I mean, when I see Debussy on our schedule or some other French piece from that period that I’m not familiar with, the first things I ask myself are, ‘What’s the instrumentation of that piece?  Is that a week I’m not needed in the orchestra?  Can I go south?’

I can’t think of any memorable passages for trombone that Debussy wrote.  Maybe my teacher will read this someday and say, ‘Shame on you, Tim!’

Ravel?  The first thing that comes to mind is Boléro, and some licks from DaphnisLa Valse is interesting, but there are no melodic moments for trombone.

Contrast that with Schmitt.  I was noticing the whole orchestra this week; Schmitt has given everyone melodic fragments.  He’s treated every instrument like they can carry a tune at some point in time.

It’s not like thinking, ‘Tunes are good for violin, English horn and oboe — maybe the first French horn now and then.  But everybody else shouldn’t play a melody.’  Schmitt gives it to us all the time, and it passes around pretty equally from instrument to instrument.

Janz Castelo:  And I think that’s very democratic.  But it doesn’t make it remarkable.

Tim Smith:  But from my standpoint, it’s much more interesting.  If this was a Debussy recording week, I wouldn’t be here!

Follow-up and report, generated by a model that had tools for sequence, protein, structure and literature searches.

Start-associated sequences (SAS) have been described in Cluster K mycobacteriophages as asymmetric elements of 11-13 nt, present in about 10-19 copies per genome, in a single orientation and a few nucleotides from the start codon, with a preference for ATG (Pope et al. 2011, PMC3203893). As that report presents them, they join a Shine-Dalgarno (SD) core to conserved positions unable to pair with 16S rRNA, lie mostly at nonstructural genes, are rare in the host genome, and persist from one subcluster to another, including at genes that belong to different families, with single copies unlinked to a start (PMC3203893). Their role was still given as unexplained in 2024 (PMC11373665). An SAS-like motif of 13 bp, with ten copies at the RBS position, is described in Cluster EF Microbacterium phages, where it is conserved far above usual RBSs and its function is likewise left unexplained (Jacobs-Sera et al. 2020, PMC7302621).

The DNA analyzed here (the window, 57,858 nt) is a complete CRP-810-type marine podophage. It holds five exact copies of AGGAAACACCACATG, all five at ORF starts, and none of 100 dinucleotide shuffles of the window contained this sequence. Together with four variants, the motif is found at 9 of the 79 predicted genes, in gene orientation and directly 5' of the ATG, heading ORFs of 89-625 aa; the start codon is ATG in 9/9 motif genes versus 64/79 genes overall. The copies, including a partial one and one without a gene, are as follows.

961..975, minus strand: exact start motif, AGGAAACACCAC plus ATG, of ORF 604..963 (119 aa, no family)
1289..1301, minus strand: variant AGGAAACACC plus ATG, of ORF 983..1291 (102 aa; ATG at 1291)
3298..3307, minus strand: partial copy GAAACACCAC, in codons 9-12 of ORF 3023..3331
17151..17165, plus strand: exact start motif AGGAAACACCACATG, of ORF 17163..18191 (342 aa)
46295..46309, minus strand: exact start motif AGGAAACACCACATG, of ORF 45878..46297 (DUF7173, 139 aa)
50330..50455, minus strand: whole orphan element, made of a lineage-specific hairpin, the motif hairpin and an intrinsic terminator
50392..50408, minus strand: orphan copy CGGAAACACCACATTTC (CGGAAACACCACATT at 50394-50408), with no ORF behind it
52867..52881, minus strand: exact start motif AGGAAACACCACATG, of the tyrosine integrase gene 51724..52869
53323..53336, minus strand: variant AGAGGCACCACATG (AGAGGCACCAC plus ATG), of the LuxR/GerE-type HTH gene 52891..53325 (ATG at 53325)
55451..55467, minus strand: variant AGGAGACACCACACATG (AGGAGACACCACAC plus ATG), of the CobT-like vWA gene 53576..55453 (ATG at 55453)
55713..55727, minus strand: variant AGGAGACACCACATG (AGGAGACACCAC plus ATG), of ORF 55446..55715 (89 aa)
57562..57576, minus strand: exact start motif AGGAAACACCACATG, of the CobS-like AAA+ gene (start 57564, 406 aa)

Janz Castelo:  Mentioning French repertoire, I remember driving somewhere as a teenager and hearing Ravel’s Daphnis & Chloé — the second suite — on the car radio.  I actually had to pull over to listen to it because I just didn’t think it was safe to keep driving.  I had never heard anything like that.  And Schmitt doesn’t do that for me.  It’s incredible and remarkable music too, but it isn’t earth-shattering.

Matthew Bassett:  I’d characterize Schmitt’s music as well-constructed, extremely competent, extremely polished writing for the orchestra.  And there are always these comparisons with Richard Strauss because of the time period and because of the bigness of the orchestra and the ‘busyness’ of the orchestra.

I’m curious with myself in this way:  If history were different and the Schmitt pieces were standard repertoire, and we all grew up listening to them and playing them — and therefore had a performance tradition like we have with Strauss — would we feel differently about this music and this composer?

Tim Smith:  It all goes back to the very first question in our discussion.  There is no performance tradition.

But Schmitt is very descriptive in what he writes — how he writes accents, how he writes dynamics, how he shapes the phrases — at least in our parts.  There’s really no guesswork involved.

Matthew Bassett:  One other thing I’ve noticed is that there’s so much going on in these scores, from an on-the-stage perspective, I actually like the music much less while playing it than when listening to a recording of it.  The music is way more appealing than it seems to be on the stage.